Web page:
I recommend All Tests Combined as I am not a fan of having to deal with multiple files and I want all the results from all of my clash tests. Earlier we selected which clashes to include based on their status and we selected the contents of those clashes we wanted to report on. Because of this, our report is already distilled so separating it out into multiple small reports does not make sense.
Figure 3: Output Settings
Choosing the Right Format
The last step to finishing your report masterpiece is to select a report format. Navisworks allows you to report your results in xml, html, html tabular, text, and viewpoints.
xml is an export option as it allows you the most flexibility to display your results in other programs. If one of your content options was Image, Navisworks will export a folder that has all the images that the xml file references.
Figure 4: Custom report from xml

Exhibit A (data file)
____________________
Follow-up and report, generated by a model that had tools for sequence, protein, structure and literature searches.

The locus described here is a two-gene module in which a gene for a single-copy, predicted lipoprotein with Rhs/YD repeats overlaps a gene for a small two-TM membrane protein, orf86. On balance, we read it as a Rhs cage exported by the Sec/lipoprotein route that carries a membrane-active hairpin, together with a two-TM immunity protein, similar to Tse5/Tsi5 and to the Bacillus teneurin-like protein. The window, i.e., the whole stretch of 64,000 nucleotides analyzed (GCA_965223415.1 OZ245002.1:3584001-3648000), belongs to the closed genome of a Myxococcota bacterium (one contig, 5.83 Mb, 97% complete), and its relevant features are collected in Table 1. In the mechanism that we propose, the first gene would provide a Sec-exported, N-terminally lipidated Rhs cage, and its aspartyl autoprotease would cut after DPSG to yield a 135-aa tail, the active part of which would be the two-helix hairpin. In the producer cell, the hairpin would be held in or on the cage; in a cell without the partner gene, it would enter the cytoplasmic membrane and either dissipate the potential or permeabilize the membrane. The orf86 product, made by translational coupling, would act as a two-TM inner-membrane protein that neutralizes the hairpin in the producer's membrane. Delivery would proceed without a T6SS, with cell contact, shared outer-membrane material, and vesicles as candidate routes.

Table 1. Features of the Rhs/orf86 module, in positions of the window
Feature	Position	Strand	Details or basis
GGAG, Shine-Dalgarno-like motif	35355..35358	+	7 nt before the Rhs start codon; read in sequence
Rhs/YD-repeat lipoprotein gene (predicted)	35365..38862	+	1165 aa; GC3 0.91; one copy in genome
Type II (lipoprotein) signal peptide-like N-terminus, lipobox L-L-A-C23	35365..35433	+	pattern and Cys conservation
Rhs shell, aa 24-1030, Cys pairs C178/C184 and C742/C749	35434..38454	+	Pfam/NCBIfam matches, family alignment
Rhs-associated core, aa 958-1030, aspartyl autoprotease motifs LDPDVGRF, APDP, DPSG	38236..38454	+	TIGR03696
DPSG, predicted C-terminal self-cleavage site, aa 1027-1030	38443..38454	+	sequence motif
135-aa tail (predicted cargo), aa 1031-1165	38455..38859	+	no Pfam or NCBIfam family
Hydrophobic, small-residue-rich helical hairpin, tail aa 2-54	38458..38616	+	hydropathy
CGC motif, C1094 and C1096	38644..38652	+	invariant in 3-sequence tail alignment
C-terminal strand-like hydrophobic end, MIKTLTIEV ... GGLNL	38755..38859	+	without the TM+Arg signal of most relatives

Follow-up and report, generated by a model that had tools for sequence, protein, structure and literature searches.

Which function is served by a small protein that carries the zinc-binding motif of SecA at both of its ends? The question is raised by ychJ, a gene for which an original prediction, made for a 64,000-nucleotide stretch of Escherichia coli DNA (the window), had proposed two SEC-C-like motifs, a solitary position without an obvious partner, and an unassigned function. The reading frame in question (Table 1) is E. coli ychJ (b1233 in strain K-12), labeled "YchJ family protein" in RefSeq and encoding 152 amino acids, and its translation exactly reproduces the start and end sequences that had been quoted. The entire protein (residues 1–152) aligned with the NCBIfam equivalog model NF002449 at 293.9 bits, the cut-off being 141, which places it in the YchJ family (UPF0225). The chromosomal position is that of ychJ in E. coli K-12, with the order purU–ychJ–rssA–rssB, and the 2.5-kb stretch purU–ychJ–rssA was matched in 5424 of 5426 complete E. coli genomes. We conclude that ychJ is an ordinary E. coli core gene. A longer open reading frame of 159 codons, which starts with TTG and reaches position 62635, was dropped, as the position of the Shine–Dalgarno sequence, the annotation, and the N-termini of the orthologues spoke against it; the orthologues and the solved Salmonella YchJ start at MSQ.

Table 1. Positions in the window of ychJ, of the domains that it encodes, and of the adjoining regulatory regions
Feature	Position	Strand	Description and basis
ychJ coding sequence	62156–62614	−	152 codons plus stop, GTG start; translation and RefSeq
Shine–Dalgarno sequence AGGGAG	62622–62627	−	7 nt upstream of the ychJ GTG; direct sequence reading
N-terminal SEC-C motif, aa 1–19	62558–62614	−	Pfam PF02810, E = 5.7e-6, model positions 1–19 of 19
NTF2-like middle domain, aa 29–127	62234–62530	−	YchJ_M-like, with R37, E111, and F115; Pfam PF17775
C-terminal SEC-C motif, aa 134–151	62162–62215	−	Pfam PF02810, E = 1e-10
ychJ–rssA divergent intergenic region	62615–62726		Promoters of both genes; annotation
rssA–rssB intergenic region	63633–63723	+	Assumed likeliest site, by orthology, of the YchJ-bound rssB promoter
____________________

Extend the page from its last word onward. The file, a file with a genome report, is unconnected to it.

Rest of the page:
The next report type is html. This report will include all the contents in an html document. Like the xml file, images will be created in a separate folder associated with the html file. This report can be viewed in any web browser.
Figure 5: html report
The html tabular report creates an html file that has an xls transform that allows this report to be viewed in a web browser or in Microsoft Excel. The xls file can be customized, allowing you to change the look and feel of your report. Text will not generate any images and will create a text file containing all the information prescribed in the Contents pane.
Viewpoints will create a viewpoint for each clash. A folder is created for each clash test with subfolders for each clash group.
If you do not want to create a custom report, I suggest using the html tabular report and creating viewpoint.